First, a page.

How Matabele Ants Help Wounded Comrades Survive By Licking Them

How Matabele Ants Help Wounded Comrades Survive By Licking Them

When the battle is done the victors head home, their march broken only to gather the wounded, who are hauled back to base for life-saving treatment.

Erik T. Frank, who led the research on African Matabele ants, believes it's the first time any insect species has been found to dress the wounds of other individuals.

"Since the colony has a relatively small birth rate of only 10-14 ants per day, this high number of injuries per day would be very costly for them if they wouldn't save the injured", Frank told Agency France-Presse.

That's when these ants showcase qualities of friendship and care.

"It's the first time this type of behavior has been described in insects - treating the wound of another individual", Frank said.

African Matabele warring ants displayed heroism by heading back into risky situations - such as termite foraging sites - to carry wounded ants to safety and even treat their wounds. The ants swarm termite feeding grounds in armies of between 200 and 600 soldiers. Ants with two lost limbs, on the other hand, curled up into easy-to-carry balls and let themselves be taken home.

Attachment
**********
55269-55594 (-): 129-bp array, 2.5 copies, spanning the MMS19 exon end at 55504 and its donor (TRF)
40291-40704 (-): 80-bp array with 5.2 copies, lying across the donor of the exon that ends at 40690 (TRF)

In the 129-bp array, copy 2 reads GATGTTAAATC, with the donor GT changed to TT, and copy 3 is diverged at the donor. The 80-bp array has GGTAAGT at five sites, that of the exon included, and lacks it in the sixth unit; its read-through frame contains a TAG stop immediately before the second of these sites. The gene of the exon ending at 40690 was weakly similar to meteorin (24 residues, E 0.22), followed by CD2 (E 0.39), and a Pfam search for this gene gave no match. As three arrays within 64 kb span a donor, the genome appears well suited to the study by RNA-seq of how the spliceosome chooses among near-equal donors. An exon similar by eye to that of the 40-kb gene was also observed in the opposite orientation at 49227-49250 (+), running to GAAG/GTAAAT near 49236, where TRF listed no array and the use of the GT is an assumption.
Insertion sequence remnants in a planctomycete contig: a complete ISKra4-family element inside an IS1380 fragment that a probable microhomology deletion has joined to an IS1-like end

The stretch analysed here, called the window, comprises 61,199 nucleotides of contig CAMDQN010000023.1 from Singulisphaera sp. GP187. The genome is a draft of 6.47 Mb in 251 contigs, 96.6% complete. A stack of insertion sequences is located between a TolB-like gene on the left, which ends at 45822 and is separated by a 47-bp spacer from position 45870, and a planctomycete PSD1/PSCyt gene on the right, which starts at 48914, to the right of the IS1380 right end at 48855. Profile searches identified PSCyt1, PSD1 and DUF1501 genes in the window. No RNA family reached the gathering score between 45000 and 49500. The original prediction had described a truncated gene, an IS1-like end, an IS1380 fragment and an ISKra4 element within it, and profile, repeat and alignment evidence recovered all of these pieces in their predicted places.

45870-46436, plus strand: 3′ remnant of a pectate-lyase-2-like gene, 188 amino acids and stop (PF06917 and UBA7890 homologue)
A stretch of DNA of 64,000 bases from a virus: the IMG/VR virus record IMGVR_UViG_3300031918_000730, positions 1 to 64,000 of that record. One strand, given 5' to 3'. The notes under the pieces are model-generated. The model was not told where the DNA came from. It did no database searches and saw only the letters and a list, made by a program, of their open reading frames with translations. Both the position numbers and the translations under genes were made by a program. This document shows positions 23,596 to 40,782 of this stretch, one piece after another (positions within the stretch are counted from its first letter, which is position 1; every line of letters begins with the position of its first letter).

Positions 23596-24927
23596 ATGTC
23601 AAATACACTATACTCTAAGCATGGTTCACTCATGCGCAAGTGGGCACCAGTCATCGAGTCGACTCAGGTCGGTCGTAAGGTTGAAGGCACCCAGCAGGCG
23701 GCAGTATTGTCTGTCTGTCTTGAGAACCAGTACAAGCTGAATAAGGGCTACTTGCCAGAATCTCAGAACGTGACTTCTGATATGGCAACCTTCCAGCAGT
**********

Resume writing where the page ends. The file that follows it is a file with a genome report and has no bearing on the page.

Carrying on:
Rescuers use their strong jaws to pick up the wounded and drag them back to the nest for treatment. During these unsafe hunts, some of the ants lose legs or antennas, and some die.

The discovery was made after the scientists studied violent clashes between the ants and termites in Comoe National Park, Ivory Coast. They noticed that ants returning from a hunt performed a swift triage on any casualties they encountered.

To find out, the team collected whole ant colonies and kept them in darkened artificial nests in the national park's research station. "The other ant grabs it with its mandibles".

Dr Frank said: 'We suppose that they do this to clean the wounds and maybe even apply antimicrobial substances with their saliva to reduce the risk of bacterial or fungal infection'. How do they know when to stop dressing the wounds?

Ants that have lost five or more of their legs were seen to lash out and flounder until their comrades stopped trying to save them.

Injured ants secreted a chemical pheromone scent signal that compelled other soldiers to come to their aid.

Casualties were carried back to the nest, where their wounds were "treated" by intensive licking.

Dr Frank said it's unclear exactly how this licking helps. Now, it's clear that the ants get extra TLC after being saved from the battlefield.

Lightly injured ants sometimes over-egged the pudding, over-emphasising their injuries when they were near their nest-mates. But in M. analis, colonies aren't that large, and only a dozen or so baby ants are born each day, Frank said. "When they had fights against termites, some of the ants got injured". Or it might be a combination of those reasons, said Frank, now a postdoctoral researcher at the University of Lausanne.

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